Nitrates cannot be eliminated from the aquarium but they can be controlled. Some filter media is quite porous and will allow small colonies of anaerobic bacteria to survive which can help.
Live Plants also help as they consume it as a nutrient.
The most effective means of reducing these levels though is water changes and this one reason why we do them.
Even the most mature of aquariums require regular water changes to reduce nitrates and to replenish its mineral content.
If you are new to aquariums and you are looking for more details on cycling then check out the ‘Seriously Fishy Book’, it’s free on Amazon’s Kindle unlimited.
The importance of pH and KH
The pH of aquarium water is regularly overlooked when thinking about water chemistry but is just as important as any other test.
Even small sudden changes in pH can cause fish to go into shock and potentially die.
The pH of your water can be affected by various things, fish waste, plant waste, water hardness, so it needs to be tested regularly.
It’s also worth checking the water from your tap fairly frequently too in case it changes. This is the case even in an established, mature aquarium where it should be checked at least once a month ideally.
KH or Alkalinity
The KH (carbonate hardness) or alkalinity of your water can affect your water pH.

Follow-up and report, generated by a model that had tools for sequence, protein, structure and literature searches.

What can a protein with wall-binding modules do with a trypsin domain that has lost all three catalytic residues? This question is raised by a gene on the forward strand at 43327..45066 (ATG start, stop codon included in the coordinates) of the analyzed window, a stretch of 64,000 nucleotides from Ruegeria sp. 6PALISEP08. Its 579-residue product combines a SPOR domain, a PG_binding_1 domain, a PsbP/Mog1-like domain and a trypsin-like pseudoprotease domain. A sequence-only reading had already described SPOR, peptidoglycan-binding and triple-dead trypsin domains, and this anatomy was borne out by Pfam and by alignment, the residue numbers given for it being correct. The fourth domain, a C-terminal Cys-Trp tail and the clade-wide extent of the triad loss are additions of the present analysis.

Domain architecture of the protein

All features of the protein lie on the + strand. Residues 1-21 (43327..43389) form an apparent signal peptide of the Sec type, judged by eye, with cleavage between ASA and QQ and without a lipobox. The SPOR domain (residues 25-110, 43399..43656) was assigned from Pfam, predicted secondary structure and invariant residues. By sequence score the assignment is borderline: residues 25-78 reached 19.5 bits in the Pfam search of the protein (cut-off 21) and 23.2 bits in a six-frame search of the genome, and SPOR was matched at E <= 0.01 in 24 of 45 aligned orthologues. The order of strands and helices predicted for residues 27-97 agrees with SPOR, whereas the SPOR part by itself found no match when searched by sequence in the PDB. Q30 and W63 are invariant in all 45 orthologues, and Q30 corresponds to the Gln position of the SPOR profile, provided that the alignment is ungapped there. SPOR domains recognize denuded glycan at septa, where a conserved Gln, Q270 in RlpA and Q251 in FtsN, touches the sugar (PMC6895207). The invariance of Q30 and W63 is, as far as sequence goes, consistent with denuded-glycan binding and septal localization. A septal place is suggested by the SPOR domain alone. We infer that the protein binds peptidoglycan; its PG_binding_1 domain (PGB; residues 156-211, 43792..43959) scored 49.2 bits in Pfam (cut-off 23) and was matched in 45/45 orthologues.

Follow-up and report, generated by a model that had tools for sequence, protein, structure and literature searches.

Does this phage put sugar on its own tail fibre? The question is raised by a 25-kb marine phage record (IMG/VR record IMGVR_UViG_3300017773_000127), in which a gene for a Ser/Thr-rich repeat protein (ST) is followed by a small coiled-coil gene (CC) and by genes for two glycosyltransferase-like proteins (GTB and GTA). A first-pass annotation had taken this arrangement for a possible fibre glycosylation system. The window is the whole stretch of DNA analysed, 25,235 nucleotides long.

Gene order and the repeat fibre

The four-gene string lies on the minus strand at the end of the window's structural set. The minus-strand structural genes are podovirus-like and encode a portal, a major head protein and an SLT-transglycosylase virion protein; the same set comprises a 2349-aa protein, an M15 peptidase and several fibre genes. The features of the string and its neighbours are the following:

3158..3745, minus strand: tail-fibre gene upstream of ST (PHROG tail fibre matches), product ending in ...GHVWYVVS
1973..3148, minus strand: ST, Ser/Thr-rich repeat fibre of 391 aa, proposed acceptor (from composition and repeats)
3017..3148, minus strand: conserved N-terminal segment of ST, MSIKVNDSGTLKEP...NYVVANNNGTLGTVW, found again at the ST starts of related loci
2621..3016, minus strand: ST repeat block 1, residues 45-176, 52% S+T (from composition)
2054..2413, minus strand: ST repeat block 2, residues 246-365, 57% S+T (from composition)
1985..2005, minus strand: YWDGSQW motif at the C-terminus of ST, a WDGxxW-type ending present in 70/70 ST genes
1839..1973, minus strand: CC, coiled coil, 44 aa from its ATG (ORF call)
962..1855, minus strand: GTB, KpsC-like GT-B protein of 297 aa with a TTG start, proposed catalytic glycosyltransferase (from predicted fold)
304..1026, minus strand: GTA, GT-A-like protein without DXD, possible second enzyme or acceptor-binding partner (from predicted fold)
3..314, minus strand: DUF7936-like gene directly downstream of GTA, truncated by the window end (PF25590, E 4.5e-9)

Over time the carbonates in your water can be used up which causes it to lose its buffering ability meaning it cannot hold a stable pH.
This is often referred to as ‘old tank syndrome’. Where your KH has depleted meaning your water can no longer buffer (keep stable) the pH of your water.
Maintaining KH is another reason for regular water changes. Adding freshwater adds more carbonates, helping to maintain your tanks buffering ability.
Phosphates are not particularly dangerous, but if you’re having trouble with algae then it’s worth testing for. Phosphate acts as a nutrient for algae so it may be what is causing your tank to be full of it. Phosphate is usually caused by lower quality fish foods that contain higher levels of it. There are filter media available that will help to remove phosphate, but if you are having trouble with it persistently then it’d be worth shopping around for some new food for your fishy friends.
Avoid the loss
If it hasn’t become clear already, water testing is really important for aquarists of all experience levels. Small changes in your water chemistry can often mean the end for your fish if a change occurs suddenly or continues for an extended period of time. So always invest in a water testing kit. Whilst some of them seem a little expensive, it’s far better (in my opinion) to shell out a little cash than to end up with deceased fish and be unable to tell why.
If you’re keen to check your water chemistry and carry out water testing, below is a link to a pretty comprehensive review of aquarium testing kits if you wish to read more. However, in my experience, you can’t go too far wrong with the API master test kit, or the NT labs kit which are available in most aquarium shops, or you can grab them here:
(As an Amazon Associate I earn on qualifying purchases).
Test kit review: